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Grant helps expand training outreach program in Kenya

May. 21, 2015, 10:37 AM

During rotation in Kijabe, Kenya, third-year Vanderbilt anesthesiology resident Jessica Mudrick, M.D., helps train local anesthesiology providers. (photo by Sam Hurd)

In an especially underserved region of western Kenya, expectant mothers requiring cesarean section are the focus of a new $2.6 million grant to Vanderbilt University Medical Center (VUMC), Kenya’s AIC Kijabe Hospital and the Kenya-based Center for Public Health and Development.

The grant, awarded by the GE Foundation and the Clinton Global Initiative, will seek to improve surgical safety by advancing anesthesia and obstetric surgery team training and coordination.

The grant signals the expansion of VUMC’s Department of Anesthesia’s longstanding training outreach program in Kenya.

“This new funding will help us continue our push to develop and evaluate solutions that can speed improvement of anesthesiology and surgical safety in underserved regions more generally,” said Mark Newton, M.D., associate clinical professor of Anesthesiology, director of Vanderbilt International Anesthesia and an investigator for Vanderbilt’s part in the grant.

The grant will fund:

• Training for an additional 25 Kenyan anesthesiology providers;

• Development of a mobile patient simulation program for team training in rural hospitals, focused on obstetrical emergencies;

• Additional training for selected established western Kenya anesthesia providers, who will in turn train new providers; and

• A western Kenya center devoted to anesthesiology clinical care, education and research.
“The goal isn’t to provide care and then leave — we’re there to train Kenyans,” said another investigator on the grant, Matthew McEvoy, M.D., associate professor of Anesthesiology and vice-chair for Educational Affairs in the department.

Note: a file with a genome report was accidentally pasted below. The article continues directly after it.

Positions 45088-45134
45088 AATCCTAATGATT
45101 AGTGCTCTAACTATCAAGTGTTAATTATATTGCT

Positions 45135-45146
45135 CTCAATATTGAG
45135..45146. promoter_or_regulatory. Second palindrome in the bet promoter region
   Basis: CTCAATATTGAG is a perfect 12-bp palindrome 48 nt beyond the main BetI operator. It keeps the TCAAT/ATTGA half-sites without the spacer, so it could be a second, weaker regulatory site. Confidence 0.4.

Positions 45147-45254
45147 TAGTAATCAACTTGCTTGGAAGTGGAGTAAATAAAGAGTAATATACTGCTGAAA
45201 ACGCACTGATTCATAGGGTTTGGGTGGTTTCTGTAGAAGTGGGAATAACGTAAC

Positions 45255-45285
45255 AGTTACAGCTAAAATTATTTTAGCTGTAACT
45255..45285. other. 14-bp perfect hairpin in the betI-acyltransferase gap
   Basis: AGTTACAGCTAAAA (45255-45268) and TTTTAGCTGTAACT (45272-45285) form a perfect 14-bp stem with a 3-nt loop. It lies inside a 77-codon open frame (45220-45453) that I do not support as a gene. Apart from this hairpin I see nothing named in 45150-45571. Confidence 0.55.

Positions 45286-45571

“More of our faculty will be able to visit Kenya to provide training, and they’ll return in subsequent years to provide follow-up. And we’ll be hiring as many locals as possible to assist the effort,” McEvoy said.

The grant builds on a previous $3 million grant from the GE Foundation to VUMC to support anesthesiology training and research in Kenya.

“We’re in this for the long run. And the beauty is it’s all done with people in Kenya,” said Newton, who spends 11 weeks a year at Vanderbilt and devotes the balance of his effort to practicing and teaching in Africa.

“It’s always great when people are in a position to drop in to help by providing care. But developing and sustaining an 18-month training program to lift a profoundly underserved region — that’s something altogether different and more complex.

“We’re grateful to both of these agencies for their generous support. I don’t know of another major foundation or government agency focusing on medical education for anesthesia in Sub-Saharan Africa.”

Vanderbilt helps support residency rotations for African doctors at AIC Kijabe Hospital, which is located some 30 miles northwest of Nairobi on the edge of the Great Rift Valley. Third-year VUMC anesthesiology residents also are eligible for rotations at the hospital.

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